Such an outcome would still be worrisome, she said, because of the message it would send, particularly to LGBT children. And, she added, it could encourage more faith-based agencies to bring lawsuits with similar arguments. That’s what happened, she said, after the court delivered a narrow victory to a devout Christian baker who refused to bake a cake for a same-sex wedding in the 2018 case Masterpiece Cakeshop.
But for LGBT activists, there is a much worse possibility looming. Catholic Social Services has argued that the court should use the case to overturn a 30-year-old precedent that has upheld laws that are religiously neutral and generally applicable. Two lower courts cited the case establishing the precedent, Employment Division v. Smith, in upholding Philadelphia’s nondiscrimination policy.
“The worst case scenario is that the court upends decades of Supreme Court precedent that says, while religious freedom is an important constitutional principle, it can’t trump the equally important principle of nondiscrimination,” said Janson Wu, the executive director of GLAD, an organization that defends LGBT legal rights.
During arguments in November, the justices seemed more sympathetic to arguments made by Catholic Social Services than Philadelphia. Justice Brett Kavanaugh, seen as occupying the court’s ideological center, suggested that the city was being “absolutist” and “extreme.” But the justices hardly touched on Smith, leaving observers to guess at whether the precedent will hold.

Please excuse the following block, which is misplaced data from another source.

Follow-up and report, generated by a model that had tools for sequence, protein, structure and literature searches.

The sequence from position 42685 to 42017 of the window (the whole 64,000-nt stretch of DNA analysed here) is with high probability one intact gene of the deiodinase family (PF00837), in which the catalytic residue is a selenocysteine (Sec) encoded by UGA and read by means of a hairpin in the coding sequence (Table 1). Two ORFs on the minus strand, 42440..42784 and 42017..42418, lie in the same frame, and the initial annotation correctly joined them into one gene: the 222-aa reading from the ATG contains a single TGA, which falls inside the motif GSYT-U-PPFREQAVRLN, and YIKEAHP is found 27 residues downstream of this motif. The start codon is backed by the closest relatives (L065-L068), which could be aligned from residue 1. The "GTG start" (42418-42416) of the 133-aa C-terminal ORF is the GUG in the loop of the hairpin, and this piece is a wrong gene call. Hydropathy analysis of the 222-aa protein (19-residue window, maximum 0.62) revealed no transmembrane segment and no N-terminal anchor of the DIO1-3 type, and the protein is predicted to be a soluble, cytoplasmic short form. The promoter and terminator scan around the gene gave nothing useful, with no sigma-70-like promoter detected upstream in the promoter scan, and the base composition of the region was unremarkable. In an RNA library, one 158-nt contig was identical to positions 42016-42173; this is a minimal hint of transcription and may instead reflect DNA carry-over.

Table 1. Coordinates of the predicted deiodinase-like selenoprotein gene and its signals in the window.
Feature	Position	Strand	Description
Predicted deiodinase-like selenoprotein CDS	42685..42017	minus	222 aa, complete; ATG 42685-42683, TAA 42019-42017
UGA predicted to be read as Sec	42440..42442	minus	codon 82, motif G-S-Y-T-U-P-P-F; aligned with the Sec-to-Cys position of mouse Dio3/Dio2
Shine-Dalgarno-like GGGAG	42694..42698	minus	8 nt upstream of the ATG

Richeson said that a broad ruling in favor of Catholic Social Services could have “grave ramifications spreading far beyond the context of foster care.”
“I see it as a cradle to grave sort of issue,” Richeson said, saying that such a decision could allow discrimination against society’s most vulnerable populations — such as the elderly and the disabled — who rely the most on government services.
“They depend on services like food delivery, Meals on Wheels, affordable housing, transportation, in home nursing care — all of these services and support are often provided by government contractors,” he added.
Catholic Social Services, which sued alongside two foster mothers, has argued that the warnings offered by those siding with Philadelphia are overblown.
The organization has also claimed that Philadelphia’s nondiscrimination policy is not neutral. In legal briefs, the adoption agency has pointed out that it had never been approached by a same-sex couple seeking adoption certification, and if it had been, it simply would have referred the couple to another group.
“As a Catholic agency, CSS cannot provide written endorsements for same-sex couples which contradict its religious teachings on marriage,” Mark Rienzi, an attorney for the agency, wrote in a filing. “The mayor, city council, Department of Human Services, and other city officials have targeted CSS and attempted to coerce it into changing its religious practices in order to make such endorsements.”